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Vogel Diameter Resistance Calculations SVL (m) Upper AMid A Lower AUpper BMid BLower BUpper CMid CLower C 0.0163 818881.25522247173.90550278491.24952464.2210267248.9774804973.143096627.538091654.64513615394 0.0141 2139593.666636960.2781046542097667590.8216401063.28189596400.55221774.8116876389.1444791627.1 0.0043 55812331.19147733469.72631217524104126297355643672.611531154753273044400102507629820584200806 0.0173 577072.11791526425.98561724821.73181239.427448065.575114349560.31794043.384584675.7371023696.15 0.0158 867497.92382215917.09555324001.65518874.5514511824.31127415524.59042768.5520701783.2215355643.4 0.0108 2706681.9886279404.45422533479620483548.644778131.33415756902.14496358885034325.5456709955.5 0.0168 468713.02251206438.71642855766.23606494.298548936.707124076169.64546955.7515953030.21192289317 0.0146 706821.45691602280.47527616041.65563878.1212402207.591383373553460307.678241033.7882335994.6 0.0093 1665840.5444202128.81480905092.512529593.924660289.91198116261.57948621.117013172.8263222155.2 0.0124 1058256.2692706662.20971572170.84982923.779291313.14552753416.59956984.7322765681.7232702281.2 0.0067 13791816.7935976017.2765121798840529918.1110138336.2196634277177046314.72226535123109872828 0.0079 6100064.92415865832.1531772419122366902.257145954.43857202470.234706269.796914710.41479557157 0.007 11018943.2328726528.7253303088934170899.791475905.05156557028461833119.51772073082529152630 0.0087 5583020.96614516087.0329358516820919903.153126858.82783394840.631820195.288556919.31363820764 0.0041 39451977.49103185125.3167005674490207064262962955.157181367532158777736485624298190018945 Whole Pipe Resistances Pressure aP( erusserPetaR wolFecnatsiseR latoTediS enO)m( LVS C B A)m( LVS ) kPa 0.016353344546.390024686.33524803676.2 0.01633.17596E-0862973090.314.5716E-052878.878872.87887887 0.0141113430763213665054.6466889791 0.01411.5638E-081278935423.8285E-054896.379284.896379283 0.004328347633241199092472321882321504 0.00434.81859E-1041505958181.9565E-0581206.237381.20623734 0.017363828319.8124978865.377402415.25 0.01733.65879E-0854662920.424.9171E-052687.813252.687813246 0.015858407416.7147446223.3245100195.2 0.01582.79832E-0871471425.854.4006E-053145.185353.145185351 0.0108234320883481018582.1586707869 0.01088.051E-09248416358.68.0656E-0520036.31720.03631697 0.016844530917.9136231600.61212789303 0.01683.06213E-0865314025.954.7438E-053098.340993.098340991 0.014629925143.5156303440.894037336.06 0.01465.04486E-0839644310.343.9952E-051583.884241.583884243 0.009386773061.8235306145.3288183949.1 0.00931.92441E-08103927943.56.7171E-056980.956936.980956932 0.012475337089.367027653.42265424947.6 0.01243.19604E-0862577374.463.0524E-051910.0841.910083999 0.006770098582221170110253409572655 0.00672.19222E-09912317877 28309.249628.30924964 0.0079339690088936715326.81611178137 0.00794.63208E-09431771113.24.2461E-0518333.271418.33327144 0.00757277636116912170892768193058 0.0072.69842E-09741174812.72.8607E-0521203.112521.20311249 0.0087313684276857441602.61484197878 0.00875.02794E-09397776937.34.7779E-0519005.576319.00557634 0.0041181269384660713067729054459147 0.00418.26817E-1024189145261.8457E-0544646.956644.64695657 Table A.18: Pressure Calculations (continued)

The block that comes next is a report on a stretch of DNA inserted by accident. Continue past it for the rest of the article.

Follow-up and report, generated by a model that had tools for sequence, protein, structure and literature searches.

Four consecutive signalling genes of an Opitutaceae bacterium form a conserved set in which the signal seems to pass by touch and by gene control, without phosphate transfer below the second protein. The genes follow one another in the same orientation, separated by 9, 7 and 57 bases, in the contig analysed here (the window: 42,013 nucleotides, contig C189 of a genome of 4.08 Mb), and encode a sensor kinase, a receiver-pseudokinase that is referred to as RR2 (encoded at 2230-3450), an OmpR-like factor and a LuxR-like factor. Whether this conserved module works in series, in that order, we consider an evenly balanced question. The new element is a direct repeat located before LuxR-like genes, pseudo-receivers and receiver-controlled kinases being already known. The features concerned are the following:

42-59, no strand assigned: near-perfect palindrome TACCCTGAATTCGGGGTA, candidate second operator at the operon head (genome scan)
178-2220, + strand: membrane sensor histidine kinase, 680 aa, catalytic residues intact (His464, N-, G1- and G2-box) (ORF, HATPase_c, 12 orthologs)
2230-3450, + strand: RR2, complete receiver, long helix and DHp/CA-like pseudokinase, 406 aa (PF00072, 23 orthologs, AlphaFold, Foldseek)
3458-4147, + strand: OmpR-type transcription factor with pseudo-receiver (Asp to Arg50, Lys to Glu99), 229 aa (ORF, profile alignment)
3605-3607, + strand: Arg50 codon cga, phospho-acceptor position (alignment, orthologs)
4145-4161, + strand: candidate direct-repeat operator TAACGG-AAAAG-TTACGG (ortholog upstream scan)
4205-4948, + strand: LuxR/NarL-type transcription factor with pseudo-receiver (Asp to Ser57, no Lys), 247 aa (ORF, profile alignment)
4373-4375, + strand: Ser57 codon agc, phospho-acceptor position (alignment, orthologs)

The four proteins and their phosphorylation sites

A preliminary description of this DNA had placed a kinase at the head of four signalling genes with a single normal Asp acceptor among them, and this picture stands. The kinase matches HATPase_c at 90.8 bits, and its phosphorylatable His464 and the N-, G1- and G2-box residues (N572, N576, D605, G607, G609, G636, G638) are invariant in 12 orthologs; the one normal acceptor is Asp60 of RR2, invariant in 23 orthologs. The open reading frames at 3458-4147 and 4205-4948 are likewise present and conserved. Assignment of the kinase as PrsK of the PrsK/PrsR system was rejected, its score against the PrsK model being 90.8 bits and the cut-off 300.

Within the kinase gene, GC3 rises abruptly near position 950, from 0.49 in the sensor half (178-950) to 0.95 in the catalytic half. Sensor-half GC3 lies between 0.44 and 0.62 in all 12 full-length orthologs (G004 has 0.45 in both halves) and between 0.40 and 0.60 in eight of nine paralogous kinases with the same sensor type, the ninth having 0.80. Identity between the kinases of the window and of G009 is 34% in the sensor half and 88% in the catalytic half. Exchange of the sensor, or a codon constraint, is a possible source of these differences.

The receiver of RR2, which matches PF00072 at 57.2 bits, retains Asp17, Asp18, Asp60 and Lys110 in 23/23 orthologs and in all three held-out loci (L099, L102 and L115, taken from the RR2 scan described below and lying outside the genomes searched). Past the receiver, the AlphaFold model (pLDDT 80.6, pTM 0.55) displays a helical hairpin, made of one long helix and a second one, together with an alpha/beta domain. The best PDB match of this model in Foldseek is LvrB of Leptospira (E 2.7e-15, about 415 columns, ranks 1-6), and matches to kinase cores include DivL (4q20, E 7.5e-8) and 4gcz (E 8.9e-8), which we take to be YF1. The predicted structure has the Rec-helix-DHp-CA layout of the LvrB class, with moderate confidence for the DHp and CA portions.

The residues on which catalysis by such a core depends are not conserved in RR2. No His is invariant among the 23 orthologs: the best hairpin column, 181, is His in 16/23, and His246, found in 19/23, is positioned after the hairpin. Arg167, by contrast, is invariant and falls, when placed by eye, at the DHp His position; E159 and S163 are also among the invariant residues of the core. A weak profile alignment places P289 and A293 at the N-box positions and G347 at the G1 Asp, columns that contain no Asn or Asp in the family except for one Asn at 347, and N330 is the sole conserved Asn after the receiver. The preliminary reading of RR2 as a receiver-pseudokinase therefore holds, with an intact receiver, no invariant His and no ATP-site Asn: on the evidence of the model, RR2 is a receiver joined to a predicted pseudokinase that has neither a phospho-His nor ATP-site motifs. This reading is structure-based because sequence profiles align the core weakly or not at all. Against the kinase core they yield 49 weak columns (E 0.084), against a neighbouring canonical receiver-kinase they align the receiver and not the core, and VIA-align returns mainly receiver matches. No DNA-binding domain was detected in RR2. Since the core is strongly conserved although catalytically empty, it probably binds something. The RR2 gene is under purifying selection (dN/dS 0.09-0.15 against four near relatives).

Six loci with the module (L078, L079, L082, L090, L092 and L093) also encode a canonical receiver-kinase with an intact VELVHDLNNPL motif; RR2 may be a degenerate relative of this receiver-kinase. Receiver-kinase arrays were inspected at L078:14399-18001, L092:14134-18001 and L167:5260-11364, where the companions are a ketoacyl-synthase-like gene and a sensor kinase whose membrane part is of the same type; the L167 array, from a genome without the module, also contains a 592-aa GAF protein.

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Areas (mm2) SVLHWPipe LengthUpper A Mid ALower AUpper B 4.72.887104440.000389610.802562530.484883870.167669440.705416189 53.042071790.0004140.9107283570.549262840.188036090.783741251 4.82.938925990.000397740.8378422740.505894530.174338890.731146414 5.43.24647850.000446521.0658258750.641391210.216853760.89340547 5.73.398240080.000470911.1903290630.715209280.239701910.979502327 5.13.093403720.000422130.9483360710.571620770.195063110.810601275 5.33.195603690.000438391.025884180.617684830.209472280.865435508 4.92.990580470.000405870.8738973180.527354140.18112790.757255543 5.23.144579870.000430260.9867211270.594428060.202208620.837833411 4.82.938925990.000397740.8378422740.505894530.174338890.731146414 6.63.846399860.000544081.606079720.960980880.314509811.25703874 6.83.944662360.000560341.7071019571.020555950.332395411.32254561 7.34.188394890.000600991.9734404841.177392630.379092741.492263618 7.84.429551380.000641642.2595169721.345523040.428600061.670341621 6.23.648470020.000511561.4134640550.847242850.280109571.130172522 7.14.09122260.000584731.8645398251.113303360.360075011.423363557 6.13.598682360.000503431.3672713820.819935260.271796661.099329448 7.94.477490740.000649772.319105891.380505360.438836281.706945767 6.63.846399860.000544081.606079720.960980880.314509811.25703874 7.24.139861040.000592861.9185956261.145122170.369527561.457645722 8.14.573088920.000666032.440660881.451826920.45964181.781132528 8.54.763199780.000698552.6932914091.599900070.502579481.933386349 9.25.092611180.000755463.1660082161.876462710.581944582.212090381 8.74.857732250.000714812.8243735881.676652950.52470852.011434895 9.55.232584510.000779853.3805558372.00178760.61759122.336236674 8.44.71580460.000690422.6289426611.562202820.491679721.894840783 9.35.139346460.000763593.2367260981.917784270.593718392.25316176 9.55.232584510.000779853.3805558372.001787 60.6175912 2.336236674 8.6 4.810508610.000706682.7584349171.638050080.513589131.972251424 9.85.371874260.000804243.6022908762.131194150.654210882.463164771 10.35.602569590.000844893.9878475372.355947170.717394022.680824068 11.56.149353790.000942454.9950049512.941683720.879896043.233782876 10.85.831534890.000885544.3934393022.59205170.783248172.906026769 11.36.05886240.000926194.8191074252.839515730.851754723.138666893 10.45.648497960.000853024.0673617352.402259690.730351782.725264622 10.65.740150260.000869284.2287957022.496247180.75658722.815047409 10.25.556572050.000836763.909134752.31008870.70454312.636685228 10.65.740150260.000869284.2287957022.496247180.75658722.815047409 11.36.05886240.000926194.8191074252.839515730.851754723.138666893 11.26.01352380.000918064.7323657732.789113790.837842083.091548748 12.76.687348390.001040016.118114133.592911181.057537213.828797986 13.46.997507290.001096926.8270094894.00307671.168064054.194816693 13.16.864897380.001072536.5183388573.824557481.120076454.036265256 12.66.642826590.001031886.0200804473.536138411.042161083.777638113 12.66.642826590.001031886.0200804473.536138411.042161083.777638113 13.87.173607860.001129447.2499200684.247484241.233485884.410120898 12.16.419385290.000991235.5420331343.259104830.966838583.52611397 13.46.997507290.001096926.8270094894.00307671.168064054.194816693 12.76.687348390.001040016.118114133.592911181.057537213.828797986 13.57.041607910.001105056.9315205684.06349471.184265624.248225878 14.17.305163740.001153837.575624364.435578091.283627134.574504443 15.37.827157330.001251398.9516237935.229022311.493344885.256611903 14.77.566986380.001202618.2489744584.824083911.386661044.910673869 15.27.783906960.001243268.8324787175.1603911.47531175.198282183 14.57.479899570.001186358.0212715264.692756621.351909774.797526091 14.97.653889740.0012188 78.479932878 4.95723704 1.421817855.024906996 14.27.348918920.001161967.6858169284.499188331.300545044.629849199 15.77.999724140.001283919.4363592525.508115281.566484555.492606768 14.27.348918920.001161967.6858169284.499188331.300545044.629849199 15.47.870363910.001259529.0715841545.298110341.511478865.31520974 Table A.19: Viscosity Pressure Calculations(mm)(mm) (mm)